That’s what happened to Sun Qian, a Falun Gong practitioner and successful biochemistry entrepreneur who immigrated to Canada in the mid-2000s.
She was sentenced to eight years in prison last year by a Chinese court, which said she had renounced her Canadian citizenship.
She was arrested during a visit to China in 2017 and accused of organizing a cult. At a trial in September the following year, she said she had done nothing illegal and described her mistreatment while in detention.
Two months later, she wrote a note saying she was in the process of pleading guilty and no longer wanted to meet with her lawyer.
Her sentencing followed the detention of Ms. Meng in December, 2018, and supporters said it had been influenced by the collapse of relations between Ottawa and Beijing.
Fan Wei, Xu Weihong and Ye Jianhui
Canadians Fan Wei, Xu Weihong and Ye Jianhui have been sentenced to death since then – all on drug-related charges. China usually takes a hard line in such cases and has put even foreign traffickers to death, but it does not typically execute citizens of Western countries. The last high-profile case was in 2009, when it executed British national Akmal Shaikh.
Some people campaigning for their release have complained that the cases of Messrs. Ye, Xu and Fan have not received the same attention or been met with same level of outrage as the detention of white Canadians. Ottawa has called for clemency for all three men – but has not denounced the charges as “arbitrary,” as it did in other cases.
All three men were arrested for drug trafficking, but less is known about their personal circumstances as their families have not spoken publicly about the cases. A spokeswoman for Global Affairs said the majority of Canadians detained in China are facing drug-related charges.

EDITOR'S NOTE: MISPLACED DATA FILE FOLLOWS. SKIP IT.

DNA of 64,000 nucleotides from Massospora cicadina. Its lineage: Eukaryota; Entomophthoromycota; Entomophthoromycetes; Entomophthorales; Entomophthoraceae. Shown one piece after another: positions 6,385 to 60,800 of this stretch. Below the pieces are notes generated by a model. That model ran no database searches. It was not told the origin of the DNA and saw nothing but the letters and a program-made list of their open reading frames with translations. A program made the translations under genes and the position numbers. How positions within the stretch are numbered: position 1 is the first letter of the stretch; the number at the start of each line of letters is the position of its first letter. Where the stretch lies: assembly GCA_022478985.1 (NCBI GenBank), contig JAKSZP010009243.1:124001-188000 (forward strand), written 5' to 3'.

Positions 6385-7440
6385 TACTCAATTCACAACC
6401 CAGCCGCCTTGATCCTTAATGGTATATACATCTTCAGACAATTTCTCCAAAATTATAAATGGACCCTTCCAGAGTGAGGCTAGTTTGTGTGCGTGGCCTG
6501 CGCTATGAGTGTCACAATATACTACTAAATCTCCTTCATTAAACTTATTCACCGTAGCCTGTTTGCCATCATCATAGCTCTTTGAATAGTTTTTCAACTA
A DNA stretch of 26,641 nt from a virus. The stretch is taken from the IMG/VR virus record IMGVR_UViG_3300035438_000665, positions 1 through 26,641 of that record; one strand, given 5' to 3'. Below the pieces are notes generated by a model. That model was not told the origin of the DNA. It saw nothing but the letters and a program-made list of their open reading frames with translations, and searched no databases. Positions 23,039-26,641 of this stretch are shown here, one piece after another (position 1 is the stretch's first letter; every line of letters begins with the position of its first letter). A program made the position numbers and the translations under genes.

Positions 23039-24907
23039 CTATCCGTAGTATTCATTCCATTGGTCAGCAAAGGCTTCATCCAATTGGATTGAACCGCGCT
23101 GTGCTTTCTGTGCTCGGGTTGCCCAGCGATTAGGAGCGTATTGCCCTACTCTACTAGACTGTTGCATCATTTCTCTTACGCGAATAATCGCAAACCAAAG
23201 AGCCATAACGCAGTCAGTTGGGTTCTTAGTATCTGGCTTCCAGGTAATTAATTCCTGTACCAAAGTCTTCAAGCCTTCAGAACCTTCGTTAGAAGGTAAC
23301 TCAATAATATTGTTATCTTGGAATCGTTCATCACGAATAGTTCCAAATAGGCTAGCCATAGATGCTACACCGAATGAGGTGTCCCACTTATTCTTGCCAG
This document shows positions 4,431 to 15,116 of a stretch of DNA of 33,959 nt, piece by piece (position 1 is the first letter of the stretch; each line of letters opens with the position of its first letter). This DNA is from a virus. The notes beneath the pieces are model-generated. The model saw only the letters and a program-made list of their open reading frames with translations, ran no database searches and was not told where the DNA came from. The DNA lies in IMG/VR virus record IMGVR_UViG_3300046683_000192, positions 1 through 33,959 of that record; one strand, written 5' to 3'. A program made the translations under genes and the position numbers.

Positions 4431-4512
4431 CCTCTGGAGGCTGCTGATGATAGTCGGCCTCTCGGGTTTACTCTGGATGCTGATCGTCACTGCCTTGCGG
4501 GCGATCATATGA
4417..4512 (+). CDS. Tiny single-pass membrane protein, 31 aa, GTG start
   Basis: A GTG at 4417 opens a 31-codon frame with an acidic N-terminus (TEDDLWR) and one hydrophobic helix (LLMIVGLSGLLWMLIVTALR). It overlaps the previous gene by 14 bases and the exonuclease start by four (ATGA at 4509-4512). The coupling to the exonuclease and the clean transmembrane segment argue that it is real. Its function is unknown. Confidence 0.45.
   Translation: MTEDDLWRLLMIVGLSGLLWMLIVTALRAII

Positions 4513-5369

Mr. Ye, who was handed a death sentence in April, 2019, was among 11 people punished for their role in what Chinese authorities say was a major drug-trafficking ring, members of which had been arrested in 2012.
When the verdict was announced, Chinese media drew attention to Mr. Ye’s Canadian nationality, despite the alleged ring including four Mexicans and an American, Mark Swidan. Mr. Swidan’s family has maintained he is innocent and lobbied publicly for his release.
The death sentence for Mr. Ye, like Messrs. Xu and Fan, was announced after Ms. Meng’s arrest, despite him being detained and tried years earlier. That same week in 2019, Agriculture Minister Marie-Claude Bibeau said China had begun blocking imports of Canadian pork.
Robert Schellenberg’s case has received more coverage. He was arrested in 2014, also on drug-related charges, and initially sentenced to a 15-year prison term. But that was upgraded to the death penalty just weeks after Ms. Meng’s arrest – a decision that violates legal norms in almost all jurisdictions, even China.
At the time, Conservative Leader Erin O’Toole accused China of “planning to take the life of a Canadian for political reasons.” Canada’s ambassador to China, Dominic Barton, has said that seeking clemency for Mr. Schellenberg is a major priority.
Zhang Dongshuo, Mr. Schellenberg’s Chinese lawyer, said he was able to meet with his client Sunday, the first time he has seen him since a court upheld his death sentence in August. “During my meeting with him, I told him the news that the two Michaels had returned to Canada, and he looked rather surprised,” he told The Globe.
Mr. Zhang said the release of the other Canadians could be “good news” for his client but added that “the progression and nature of their cases are different.” Mr. Schellenberg’s case is currently with China’s Supreme Court, which must approve a death penalty before it is carried out. “I will still insist on defending him as I did before, especially insisting that a death sentence should not be made, and I will insist on that very hard,” Mr. Zhang said.
In March, 2016, Chinese authorities arrested John Chang and his wife, Allison Lu, as they checked out of a Shanghai hotel during a business trip. The couple, who were born in Taiwan, were travelling on Canadian passports.